Jim Schwartz doesn't confer with opposing offensive line coaches about how they prepare to play the Eagles, but the Eagles' defensive coordinator has a good sense of where they start.
"I'm sure they start with No. 91 and say, 'OK, how do we keep this guy from wrecking the game?'" Schwartz said.
No. 91, of course, is Fletcher Cox. The Eagles signed Cox to a $103 million contract last offseason because he's the type of defensive lineman who keeps opponents' lights on late at night. After dominating offensive linemen throughout the first month last season – Cox totaled four sacks in his first four games and was the NFC defensive player of the month in September – those opposing coaches made their adjustments. They often included four hands on Cox, who required double teams to contain him. His production dipped to the point that Cox totaled just 2.5 sacks for the remainder of the season. The Eagles' defense was affected.
Cox still made his second Pro Bowl and had what he considered a good year, but there's room for improvement in his sixth season with the team. And the next step in his development comes knowing that he'll often be double-teamed, just like some of the other standout defensive tackles in the NFL. Cox said it he views it as "disrespect" when teams try blocking him with one guard.
"The next step to being a great player, and Fletch is, is being able to meet that and be able to still get a hit when they're pitching around you," Schwartz said, using a baseball analogy.
How can Cox do that?
"Try to find a way to get one-on-ones," Cox said. "And when teams are sliding [a double-team], I have to find a way to get to the quarterback, to be disruptive. That's me being relentless and going out and doing everything."
Cox knows he won't get double-teamed every play. When he's lining up against a guard, he needs to win his matchup. And if another lineman is helping the guard, it's up to the other players on the defensive line to produce.
Schwartz noted that the Eagles "didn't win enough one-on-one" away from Cox after Cox received more attention last season. Bennie Logan and Beau Allen were the players charged with winning those matchups. The Eagles added Tim Jernigan this offseason, and they're counting on him to take advantage of those opportunities when linemen key on Cox. It will also benefit the defensive ends, too – Brandon Graham had his best season last year playing next to Cox, and the Eagles added Derek Barnett and Chris Long to the Graham-Vinny Curry defensive-end combination.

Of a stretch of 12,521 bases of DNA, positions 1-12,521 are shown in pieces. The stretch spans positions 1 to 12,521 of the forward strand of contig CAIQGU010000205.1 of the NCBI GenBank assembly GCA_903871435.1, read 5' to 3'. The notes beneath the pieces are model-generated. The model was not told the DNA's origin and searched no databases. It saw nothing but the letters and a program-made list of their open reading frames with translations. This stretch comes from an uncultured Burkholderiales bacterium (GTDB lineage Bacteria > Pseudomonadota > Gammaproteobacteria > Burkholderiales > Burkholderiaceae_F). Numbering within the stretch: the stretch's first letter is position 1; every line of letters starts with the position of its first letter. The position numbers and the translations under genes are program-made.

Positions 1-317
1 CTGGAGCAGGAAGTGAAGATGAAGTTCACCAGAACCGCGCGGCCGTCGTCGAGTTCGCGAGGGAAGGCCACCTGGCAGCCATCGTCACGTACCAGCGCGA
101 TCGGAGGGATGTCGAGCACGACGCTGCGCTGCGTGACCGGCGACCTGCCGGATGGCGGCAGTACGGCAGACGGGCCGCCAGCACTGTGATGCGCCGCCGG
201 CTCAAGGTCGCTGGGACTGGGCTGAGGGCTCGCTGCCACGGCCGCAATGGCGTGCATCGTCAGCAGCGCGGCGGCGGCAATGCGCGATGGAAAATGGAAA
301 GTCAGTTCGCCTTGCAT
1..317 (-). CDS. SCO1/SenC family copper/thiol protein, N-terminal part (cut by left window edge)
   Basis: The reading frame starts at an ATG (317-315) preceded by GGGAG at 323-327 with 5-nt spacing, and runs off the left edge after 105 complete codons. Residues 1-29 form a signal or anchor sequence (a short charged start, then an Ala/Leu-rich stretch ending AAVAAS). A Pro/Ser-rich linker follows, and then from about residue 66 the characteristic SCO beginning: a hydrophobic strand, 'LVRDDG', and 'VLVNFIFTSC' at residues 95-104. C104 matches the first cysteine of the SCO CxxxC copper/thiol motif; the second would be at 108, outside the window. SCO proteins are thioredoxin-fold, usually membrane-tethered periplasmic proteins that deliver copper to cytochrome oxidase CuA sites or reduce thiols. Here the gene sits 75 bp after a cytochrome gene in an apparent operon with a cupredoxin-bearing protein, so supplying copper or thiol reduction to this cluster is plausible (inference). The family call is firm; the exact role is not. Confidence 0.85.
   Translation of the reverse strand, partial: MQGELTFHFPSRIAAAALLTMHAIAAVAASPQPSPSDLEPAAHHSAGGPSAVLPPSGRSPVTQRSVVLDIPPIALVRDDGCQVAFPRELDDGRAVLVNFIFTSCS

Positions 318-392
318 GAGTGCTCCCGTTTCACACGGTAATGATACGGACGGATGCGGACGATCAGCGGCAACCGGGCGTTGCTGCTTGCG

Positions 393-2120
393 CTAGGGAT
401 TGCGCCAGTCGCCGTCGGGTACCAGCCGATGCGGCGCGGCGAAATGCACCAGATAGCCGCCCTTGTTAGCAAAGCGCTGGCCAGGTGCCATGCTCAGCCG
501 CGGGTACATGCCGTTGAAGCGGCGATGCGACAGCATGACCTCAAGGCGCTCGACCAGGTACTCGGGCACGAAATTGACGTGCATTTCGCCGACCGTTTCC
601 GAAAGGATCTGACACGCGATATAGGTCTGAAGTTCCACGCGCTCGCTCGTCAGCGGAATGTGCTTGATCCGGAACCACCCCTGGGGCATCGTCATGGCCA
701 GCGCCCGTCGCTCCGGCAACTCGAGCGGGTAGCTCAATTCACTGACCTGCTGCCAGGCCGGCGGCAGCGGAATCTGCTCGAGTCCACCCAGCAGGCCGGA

"I think we've also added some good pieces around him, not just in tackle positions, but the end positions," Schwartz said. "There are some ways that you can take out defensive linemen when it comes to pass rush. We've worked hard to try to be able to handle that."
Cox is already encouraged about teaming with Jernigan, and in their limited time together, Cox said they've already developed a sense of how to play with each other. Cox has tried to help Jernigan adjust to defense because he went through a similar transition last summer.
There's been much speculation since Jernigan arrived about how he could benefit playing next to Cox. But if Jernigan can excel, then Cox will benefit, too. That's why Cox is invested in the others' success – "there's enough money to go around," he said – and knows that high sack totals elsewhere could lead to the sacks for him.
"Second year in the defense, second year in the scheme we're doing a few different things right now, just keep teams honest and keep the lines honest," Cox said. "If they're sliding to me, give Vinny and Timmy one-on-ones. If I get my one-on-ones, I have to win. This whole thing is about who can beat their man."
Cox shed some pounds this offseason so he can be quicker. He wants to play from 310-314 pounds, which would be 6-10 pounds lighter than last season. He already noticed that he's "moving around a whole lot better."
He also understands the responsibility his contract requires and the place he fills on the team. In fact, when Cox thought about his next step as a player, he didn't initially mention succeeding even when receiving more attention from opposing offenses. He mentioned leading the team on the field so the Eagles' defense requires opposing teams to continue to first worry about No. 91.
"The next step is rallying everyone up, getting everyone to follow me," Cox said. "I have to set the tempo. I can't wait for anyone else to do that."